ADHD News & Research

Study: Cardiovascular Disease Twice as Likely in Adults with ADHD

Adults with ADHD face an elevated risk of cardiovascular disease, including cardiac arrest, hemorrhagic stroke, and peripheral vascular diseases, according to a large observational study conducted in Sweden.

November 13, 2022

Cardiovascular disease is twice as likely to develop in adults with attention deficit hyperactivity disorder (ADHD) than it is in the neurotypical population, according to a large observational study published in the journal World Psychiatry.

The research studied the link between 20 different cardiovascular diseases and ADHD when it was separated from other known risk factors such as type 2 diabetes, obesity, smoking, sleep problems, and mental disorders.

Researchers at Karolinska Institute and Örebro University in Sweden based their findings on data from a national registry of more than one million Swedish adults without pre-existing cardiovascular diseases born between 1941 and 1983. The registry included about 37,000 people with ADHD.

After an average of 11.8 years of follow-up, 38% of individuals with ADHD had at least one diagnosis of cardiovascular disease, compared with 24% of those without ADHD. The association was somewhat stronger in men than in women. 1

Adults with ADHD were at high risk for cardiac arrest, hemorrhagic stroke, and peripheral vascular diseases. Additionally, the study revealed that psychiatric comorbidities, such as food and substance use problems, elevated the risk of cardiovascular disease in patients with ADHD.1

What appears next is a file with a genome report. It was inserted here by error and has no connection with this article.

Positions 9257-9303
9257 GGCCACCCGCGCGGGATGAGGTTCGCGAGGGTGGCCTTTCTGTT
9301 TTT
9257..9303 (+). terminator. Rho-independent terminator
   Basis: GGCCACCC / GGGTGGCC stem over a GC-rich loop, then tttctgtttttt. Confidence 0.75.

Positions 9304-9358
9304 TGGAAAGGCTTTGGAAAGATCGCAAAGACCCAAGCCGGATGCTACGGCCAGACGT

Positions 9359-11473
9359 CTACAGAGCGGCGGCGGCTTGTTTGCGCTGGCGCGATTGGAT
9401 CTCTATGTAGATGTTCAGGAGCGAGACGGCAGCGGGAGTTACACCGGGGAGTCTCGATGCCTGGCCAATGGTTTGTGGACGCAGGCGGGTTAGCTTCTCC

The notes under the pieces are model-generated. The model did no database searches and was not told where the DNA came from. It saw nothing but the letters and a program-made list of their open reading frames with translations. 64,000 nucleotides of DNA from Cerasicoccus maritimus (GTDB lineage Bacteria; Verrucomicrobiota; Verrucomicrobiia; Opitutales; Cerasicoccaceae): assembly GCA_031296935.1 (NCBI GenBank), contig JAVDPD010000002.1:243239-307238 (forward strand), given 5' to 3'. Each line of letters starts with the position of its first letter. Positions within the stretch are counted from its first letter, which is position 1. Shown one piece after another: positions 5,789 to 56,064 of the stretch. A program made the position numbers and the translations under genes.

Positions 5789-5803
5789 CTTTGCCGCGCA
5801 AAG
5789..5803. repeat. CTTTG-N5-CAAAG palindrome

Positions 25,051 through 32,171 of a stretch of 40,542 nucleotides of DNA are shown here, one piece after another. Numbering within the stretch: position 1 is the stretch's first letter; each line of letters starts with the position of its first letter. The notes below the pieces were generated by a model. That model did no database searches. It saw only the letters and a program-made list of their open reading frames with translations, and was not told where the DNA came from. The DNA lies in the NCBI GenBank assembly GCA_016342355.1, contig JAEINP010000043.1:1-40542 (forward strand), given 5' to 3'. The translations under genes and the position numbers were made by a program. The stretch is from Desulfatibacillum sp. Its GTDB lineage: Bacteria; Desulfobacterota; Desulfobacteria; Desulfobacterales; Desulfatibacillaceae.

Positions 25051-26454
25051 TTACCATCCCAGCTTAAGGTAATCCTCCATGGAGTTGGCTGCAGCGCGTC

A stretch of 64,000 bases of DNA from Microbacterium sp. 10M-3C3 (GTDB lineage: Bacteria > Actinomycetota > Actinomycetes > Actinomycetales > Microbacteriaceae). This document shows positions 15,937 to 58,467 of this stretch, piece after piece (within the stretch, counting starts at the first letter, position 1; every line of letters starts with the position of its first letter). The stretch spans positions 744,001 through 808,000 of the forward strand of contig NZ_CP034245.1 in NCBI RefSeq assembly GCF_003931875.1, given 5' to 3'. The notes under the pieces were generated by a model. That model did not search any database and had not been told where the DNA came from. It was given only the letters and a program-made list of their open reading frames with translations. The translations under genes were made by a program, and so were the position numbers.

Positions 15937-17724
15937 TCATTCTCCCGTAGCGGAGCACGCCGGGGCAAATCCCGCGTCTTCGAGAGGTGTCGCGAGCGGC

“Using individuals without ADHD as a reference group, we found that the relative risk of cardiovascular diseases was slightly higher among individuals with ADHD plus any psychiatric comorbidity, compared with ADHD only,” researchers said. “Specifically, an additional increase in the risk of cardiovascular diseases was found among those with comorbid depressive disorder, personality disorders, anxiety disorders, substance use disorders, and eating disorders, compared with ADHD only.”

On a positive note, stimulants, antidepressants, and anti-anxiety medications were not shown to elevate the risk of cardiovascular disease in people with ADHD.

However, because the study was observational, the findings cannot establish a cause-and-effect association. Additional studies are needed to further explore the mechanisms underlying the association between ADHD and cardiovascular diseases.


1Li, L., Chang, Z., Sun, J., Garcia-Argibay, M., Du Rietz, E., Dobrosavljevic, M., Brikell, I., Jernberg, T., Solmi, M., Cortese, S. and Larsson, H.  (2022). Attention-Deficit/Hyperactivity Disorder as a Risk Factor for Cardiovascular Diseases: A Nationwide Population-Based Cohort Study. World Psychiatry. 21: 452-459.